“I thought to myself ‘Maybe the 1500m is an event I should keep on my radar,’” she said.
The task of running both the 800m and 1,500m at nationals is simply not practical, and Townsend will not sacrifice optimal performance in one to simply line up at the starting lines of both.
And thus the sprained ankle at Como Lake which ended her cross-country season in the 11th hour, led to the red-shirting of her indoor track season, and ultimately bolted her out to the best start of her outdoor career, has put her in the position at this week’s GNAC to decide which event she will run at nationals.
“GNACs are a good chance for me to try both,” she says. “I will see where the effort takes me and then I’ll make my decision.”
Townsend will also compete as part of the Clan’s 4x400m relay team this weekend.
WHEREVER YOU ARE…ANYTHING IS POSSIBLE
Rare is the only way to describe the experience that Addy Townsend has gleaned from three-years on the hill.
She’s been coached by her mom, been a teammate with her older sister Dana, a distance specialist and redshirt senior, and had a chance to glean additional training with some of the former Clan athletes she watched through her early teens.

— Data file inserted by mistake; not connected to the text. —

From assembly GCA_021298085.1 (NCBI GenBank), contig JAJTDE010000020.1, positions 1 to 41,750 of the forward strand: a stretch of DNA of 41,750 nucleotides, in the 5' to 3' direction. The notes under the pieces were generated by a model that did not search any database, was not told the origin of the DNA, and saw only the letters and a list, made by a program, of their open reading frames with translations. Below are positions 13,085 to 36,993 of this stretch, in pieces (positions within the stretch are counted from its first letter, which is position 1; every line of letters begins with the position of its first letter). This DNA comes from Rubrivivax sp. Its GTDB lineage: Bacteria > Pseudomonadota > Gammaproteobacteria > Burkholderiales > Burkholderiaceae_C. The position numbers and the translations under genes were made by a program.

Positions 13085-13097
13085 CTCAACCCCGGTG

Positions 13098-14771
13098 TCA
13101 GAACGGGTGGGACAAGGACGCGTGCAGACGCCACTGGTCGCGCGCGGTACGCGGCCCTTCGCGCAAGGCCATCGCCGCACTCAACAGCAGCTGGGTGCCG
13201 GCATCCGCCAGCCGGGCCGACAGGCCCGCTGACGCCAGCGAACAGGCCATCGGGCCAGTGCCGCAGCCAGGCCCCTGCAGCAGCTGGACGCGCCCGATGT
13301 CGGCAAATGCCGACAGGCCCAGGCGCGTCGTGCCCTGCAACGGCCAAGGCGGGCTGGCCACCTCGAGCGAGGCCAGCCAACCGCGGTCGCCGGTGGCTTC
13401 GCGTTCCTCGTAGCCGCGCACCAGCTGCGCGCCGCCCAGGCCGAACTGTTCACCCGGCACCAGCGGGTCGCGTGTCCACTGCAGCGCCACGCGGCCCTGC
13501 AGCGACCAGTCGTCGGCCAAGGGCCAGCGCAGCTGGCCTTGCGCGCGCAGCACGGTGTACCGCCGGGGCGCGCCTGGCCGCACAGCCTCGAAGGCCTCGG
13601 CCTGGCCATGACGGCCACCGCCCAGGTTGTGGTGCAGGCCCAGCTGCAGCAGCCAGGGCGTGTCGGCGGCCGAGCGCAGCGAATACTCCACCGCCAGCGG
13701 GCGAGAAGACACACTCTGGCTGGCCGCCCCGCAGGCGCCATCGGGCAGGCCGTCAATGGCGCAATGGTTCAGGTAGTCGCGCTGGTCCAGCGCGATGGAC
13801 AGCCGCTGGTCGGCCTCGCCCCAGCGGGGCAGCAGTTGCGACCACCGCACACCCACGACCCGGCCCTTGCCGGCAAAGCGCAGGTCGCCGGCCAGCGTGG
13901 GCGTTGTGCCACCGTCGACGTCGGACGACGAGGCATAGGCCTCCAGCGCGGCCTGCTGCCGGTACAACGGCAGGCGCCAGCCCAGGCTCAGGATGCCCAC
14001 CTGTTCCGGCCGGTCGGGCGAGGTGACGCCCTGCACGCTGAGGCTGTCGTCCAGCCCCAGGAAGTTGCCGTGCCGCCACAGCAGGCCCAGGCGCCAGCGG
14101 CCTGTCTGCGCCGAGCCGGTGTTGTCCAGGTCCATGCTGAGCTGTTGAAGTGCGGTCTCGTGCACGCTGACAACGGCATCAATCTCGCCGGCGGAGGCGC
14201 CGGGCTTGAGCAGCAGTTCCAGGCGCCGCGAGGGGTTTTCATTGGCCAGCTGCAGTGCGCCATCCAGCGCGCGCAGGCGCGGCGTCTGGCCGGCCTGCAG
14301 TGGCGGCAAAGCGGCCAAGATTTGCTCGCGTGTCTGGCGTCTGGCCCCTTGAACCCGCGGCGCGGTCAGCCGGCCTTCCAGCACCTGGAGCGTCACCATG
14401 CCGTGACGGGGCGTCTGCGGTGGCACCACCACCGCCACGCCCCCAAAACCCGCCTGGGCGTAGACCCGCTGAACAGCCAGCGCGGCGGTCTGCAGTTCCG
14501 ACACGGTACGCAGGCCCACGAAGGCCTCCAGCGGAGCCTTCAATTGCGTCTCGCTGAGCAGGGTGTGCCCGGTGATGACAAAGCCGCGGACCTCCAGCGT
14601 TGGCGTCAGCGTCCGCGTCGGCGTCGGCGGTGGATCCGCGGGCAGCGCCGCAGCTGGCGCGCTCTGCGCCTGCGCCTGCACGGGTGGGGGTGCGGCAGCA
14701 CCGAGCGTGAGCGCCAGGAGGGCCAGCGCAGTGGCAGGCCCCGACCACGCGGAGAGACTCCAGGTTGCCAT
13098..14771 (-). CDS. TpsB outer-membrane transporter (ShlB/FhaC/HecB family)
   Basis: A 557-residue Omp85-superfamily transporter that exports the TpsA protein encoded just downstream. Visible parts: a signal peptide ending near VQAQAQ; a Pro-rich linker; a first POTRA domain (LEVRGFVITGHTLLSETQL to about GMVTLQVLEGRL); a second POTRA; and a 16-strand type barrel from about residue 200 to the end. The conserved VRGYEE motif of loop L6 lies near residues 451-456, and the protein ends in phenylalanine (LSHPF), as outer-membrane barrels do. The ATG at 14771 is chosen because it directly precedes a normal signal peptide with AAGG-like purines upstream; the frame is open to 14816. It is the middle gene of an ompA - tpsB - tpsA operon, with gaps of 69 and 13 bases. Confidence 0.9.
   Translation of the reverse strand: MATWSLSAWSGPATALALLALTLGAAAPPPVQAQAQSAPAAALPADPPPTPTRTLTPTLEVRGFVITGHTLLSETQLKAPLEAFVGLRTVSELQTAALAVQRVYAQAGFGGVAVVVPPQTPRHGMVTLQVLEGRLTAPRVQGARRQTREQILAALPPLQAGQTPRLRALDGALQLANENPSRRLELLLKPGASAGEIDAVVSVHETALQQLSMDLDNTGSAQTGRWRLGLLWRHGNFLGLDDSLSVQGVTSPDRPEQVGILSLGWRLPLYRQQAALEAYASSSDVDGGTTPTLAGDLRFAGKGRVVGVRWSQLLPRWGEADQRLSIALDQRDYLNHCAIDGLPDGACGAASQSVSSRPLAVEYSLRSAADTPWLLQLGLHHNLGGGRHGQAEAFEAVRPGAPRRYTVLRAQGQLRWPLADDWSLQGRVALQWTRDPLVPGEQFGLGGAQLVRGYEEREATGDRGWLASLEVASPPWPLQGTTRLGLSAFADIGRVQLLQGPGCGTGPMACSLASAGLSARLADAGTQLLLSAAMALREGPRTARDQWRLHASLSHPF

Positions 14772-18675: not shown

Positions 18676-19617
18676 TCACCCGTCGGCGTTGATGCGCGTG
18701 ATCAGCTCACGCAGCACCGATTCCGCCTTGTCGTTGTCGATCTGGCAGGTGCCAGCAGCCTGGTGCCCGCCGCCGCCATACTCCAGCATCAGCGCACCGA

Ask her mom about what she sees these days in Addy’s development, and Brit Townsend answers in the most honest way possible, as if she were talking about any other athlete on her team.
“She, to me, is running with more confidence,” the coach begins. “She is running with some vision. She is not just asking herself what can she do today, but how she can plan for the next competition as well.”
At some point this weekend, Addy Townsend will no doubt gather herself in front of that laptop computer screen for some more pre-race motivation.
When it’s pointed out to her that a great piece of viewing would be her finishing kick over the final 100 metres to beat McCormick and capture last season’s GNAC outdoor 800m championship crown, she lets out a wishful groan.
“I wish I had that one (on video), but another one (I watch) is the Oxy meet,” says Townsend, referencing her performance in the 800m at the Occidental College-hosted meet last May in Los Angeles.
“I was dead last in that race, but then in the last lap I picked off almost everyone and I almost won,” she says of finishing second in a then-personal best time of 2:07.99.
It’s like she says: “…wherever you are, anything is possible.”